Municipal prosecutors are considering whether to take on some of their state counterparts’ workload in Alaska’s largest city, pointing to brutal assaults which have gone uncharged as Mat-Su prosecutors handle an Anchorage homicide.

Anchorage Assembly members heard from local public-safety officials Wednesday, including municipal prosecutor Seneca Theno, on whether her office -- which has traditionally handled only misdemeanor offenses -- should now prosecute more serious felony crimes. 

“We’ve also heard – and I don’t have this in writing, no one is going to say this to me directly – but we hear lots of things, that the district attorneys are instructed not to take cases unless they are slam dunks,” Theno said. “’Don’t take a case unless you know you can win it as a felony.’”

Theno, who has previously claimed that state criminal-justice reform measure Senate Bill 91 constituted a “huge hit” to the city’s budget, said Wednesday that state sentences obtained for crimes have also shortened.

“I think we’re more willing to go out on a limb than they are,” Theno said. “But what we also see are the sentences that are being imposed, whether on a felony or a misdemeanor at the state level, we’re seeing lesser sentences on those than what we’re obtaining at the municipal level here.”

Her statements followed comments last week from Anchorage District Attorney Rick Allen on Palmer prosecutors handling the Anchorage murder of Weston Gladney. Allen said that the case was being prosecuted there due to Gladney's body being found near Jim Creek in the Mat-Su, rather than in the heavily work-loaded Anchorage.

"It is true, however, that Anchorage has a record number of homicide cases this year so, we are grateful to the Palmer [District Attorney's Office] for keeping the case," Allen wrote in an email to KTVA.

Assistant Attorney General John Skidmore, chief of the state Department of Law’s Criminal Division, denied Theno’s "slam dunks" claim in a statement Wednesday afternoon.

“The department has not given our prosecutors direction not file specific cases or types of cases,” Skidmore wrote. “We instruct our prosecutors to evaluate each case on a case-by-case basis to determine if there is admissible evidence to prove the elements of the crimes referred for prosecution. We also must evaluate the local public safety priorities of each community when determining how to use our limited prosecutorial resources.”

Theno also detailed a few examples of cases in which she said the state declined prosecution. In one case, a kidnapped woman had tried to walk away from her ex-boyfriend after an argument when he pulled her into a car and assaulted her. The woman only escaped to report the crime after he engaged the car doors’ child lock and she tried to climb out a window.

“He dragged her by her hair and throat back to the car, put her back in again, beat her up in the vehicle, told her he was going to kill her -- choked her repeatedly -- and we got that case as a misdemeanor,” Theno said. “We tried to send it to the state as a felony, and we were told those are hard to prosecute and that was the end of that.”

Another case Theno mentioned also involved an assault on a woman.

“We had another individual who suffered serious physical injury, was choked, punched in the head six times and kicked repeatedly until she fell off a bus,” Theno said. “She had a concussion at the time and suffered from long-term debilitating circumstances: dizziness, fatigue, inability to sleep, inability to see. It met the definition of serious physical injury – we asked the state to take it, they declined.”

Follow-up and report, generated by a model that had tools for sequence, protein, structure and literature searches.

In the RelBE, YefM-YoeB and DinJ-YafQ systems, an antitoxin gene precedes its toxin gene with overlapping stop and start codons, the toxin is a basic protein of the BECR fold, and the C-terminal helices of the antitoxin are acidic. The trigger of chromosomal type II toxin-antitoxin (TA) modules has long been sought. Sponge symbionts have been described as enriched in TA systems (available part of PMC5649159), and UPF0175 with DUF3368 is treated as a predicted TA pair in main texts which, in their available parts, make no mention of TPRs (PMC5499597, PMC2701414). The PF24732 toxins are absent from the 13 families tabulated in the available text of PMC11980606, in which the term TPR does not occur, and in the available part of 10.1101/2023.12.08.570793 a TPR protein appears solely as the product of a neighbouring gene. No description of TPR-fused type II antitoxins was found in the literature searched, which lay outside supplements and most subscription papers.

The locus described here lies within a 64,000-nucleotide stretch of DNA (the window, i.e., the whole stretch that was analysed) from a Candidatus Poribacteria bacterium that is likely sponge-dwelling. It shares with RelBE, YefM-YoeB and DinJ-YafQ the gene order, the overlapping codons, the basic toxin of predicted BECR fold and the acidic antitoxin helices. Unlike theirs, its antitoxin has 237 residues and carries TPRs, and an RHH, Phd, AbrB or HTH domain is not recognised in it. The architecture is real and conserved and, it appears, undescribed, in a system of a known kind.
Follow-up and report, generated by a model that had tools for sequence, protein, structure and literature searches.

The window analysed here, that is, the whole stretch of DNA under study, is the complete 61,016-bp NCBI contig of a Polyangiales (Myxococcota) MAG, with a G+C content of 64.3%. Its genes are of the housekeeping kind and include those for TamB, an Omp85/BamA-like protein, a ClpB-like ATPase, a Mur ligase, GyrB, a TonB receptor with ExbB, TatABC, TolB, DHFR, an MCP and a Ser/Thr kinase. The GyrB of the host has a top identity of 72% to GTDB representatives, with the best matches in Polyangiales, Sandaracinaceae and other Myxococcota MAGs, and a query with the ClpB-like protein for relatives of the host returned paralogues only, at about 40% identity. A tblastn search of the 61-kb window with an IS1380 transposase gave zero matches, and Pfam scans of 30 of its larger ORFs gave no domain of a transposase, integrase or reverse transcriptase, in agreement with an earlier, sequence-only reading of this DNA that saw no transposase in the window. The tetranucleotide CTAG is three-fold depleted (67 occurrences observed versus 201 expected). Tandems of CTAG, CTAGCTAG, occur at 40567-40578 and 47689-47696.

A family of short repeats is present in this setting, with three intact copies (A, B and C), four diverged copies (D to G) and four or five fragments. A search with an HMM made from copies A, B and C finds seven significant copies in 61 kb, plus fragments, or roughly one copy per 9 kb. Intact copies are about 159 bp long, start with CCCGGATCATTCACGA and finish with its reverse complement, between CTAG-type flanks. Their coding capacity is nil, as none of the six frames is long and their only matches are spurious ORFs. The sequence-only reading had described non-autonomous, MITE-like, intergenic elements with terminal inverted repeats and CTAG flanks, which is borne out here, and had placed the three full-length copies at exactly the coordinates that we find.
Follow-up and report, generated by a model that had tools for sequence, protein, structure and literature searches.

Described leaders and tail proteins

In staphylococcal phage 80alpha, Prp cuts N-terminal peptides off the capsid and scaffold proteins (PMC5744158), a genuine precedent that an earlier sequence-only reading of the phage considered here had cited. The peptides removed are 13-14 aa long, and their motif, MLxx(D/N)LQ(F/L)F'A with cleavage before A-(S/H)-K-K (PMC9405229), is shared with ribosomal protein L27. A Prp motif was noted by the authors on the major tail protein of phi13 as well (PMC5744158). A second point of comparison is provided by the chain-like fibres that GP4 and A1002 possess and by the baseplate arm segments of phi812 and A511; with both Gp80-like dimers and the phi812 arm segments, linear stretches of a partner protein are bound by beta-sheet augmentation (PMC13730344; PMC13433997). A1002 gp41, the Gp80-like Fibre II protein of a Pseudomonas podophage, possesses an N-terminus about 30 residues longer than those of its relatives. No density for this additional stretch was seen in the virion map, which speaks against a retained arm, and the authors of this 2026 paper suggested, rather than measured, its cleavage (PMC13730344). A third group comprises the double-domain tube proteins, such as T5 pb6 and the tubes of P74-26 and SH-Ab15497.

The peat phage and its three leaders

West Anchorage Assembly member Eric Croft, an attorney, offered an assessment of Theno’s position at the meeting.

“Seneca’s walking a very fine line here, doing it beautifully, but the DAs are their partners as are the federal district attorneys and they do a lot of work together,” Croft said. “You don’t want to be overly critical, but if you’re noticing that things that used to be prosecuted aren’t anymore and things that they think should be aren’t, it’s what we’re trying – to raise the issue without losing the relationship.”

Forrest Dunbar, an Assembly member representing east Anchorage, suggested that Alaska budget concerns – one of the key drivers behind SB91’s focus on rehabilitating rather than incarcerating offenders – were also a factor in the state charging decisions.

“These are horrific cases that the state has turned down, but if you look at the cases the state’s actually been prosecuting they would blow your mind in how terrible they are,” Dunbar said. “They’re making unfortunate-but in their mind sometimes logical decisions, but until the Legislature decides to properly fund public safety in this state – here we are.”

Assemblymember Tim Steele asked Anchorage Police Department Chief Justin Doll, who told KTVA this week that “every single victim is important” in responding to this year’s crimes, whether he would like to see the municipality’s prosecutors become more involved in local crimes.

Although Doll emphasized that APD has a strong working relationship with Allen’s office, he said it would be “beneficial” to have more options in prosecuting local cases.

“What’s very disappointing to a police officer or a detective is to put a lot of effort into a case, and package it up and hand it off and have it thrown away,” Doll said. “So, if the city had some ability to prosecute some of these cases ourselves, I think from the police department’s perspective, that’s advantageous. And it also gives us maybe a little more control over our destiny, because now we can identify things that are a priority inside Anchorage and those can be sort of highlighted for prosecution.”

Daniella Rivera contributed information to this story.

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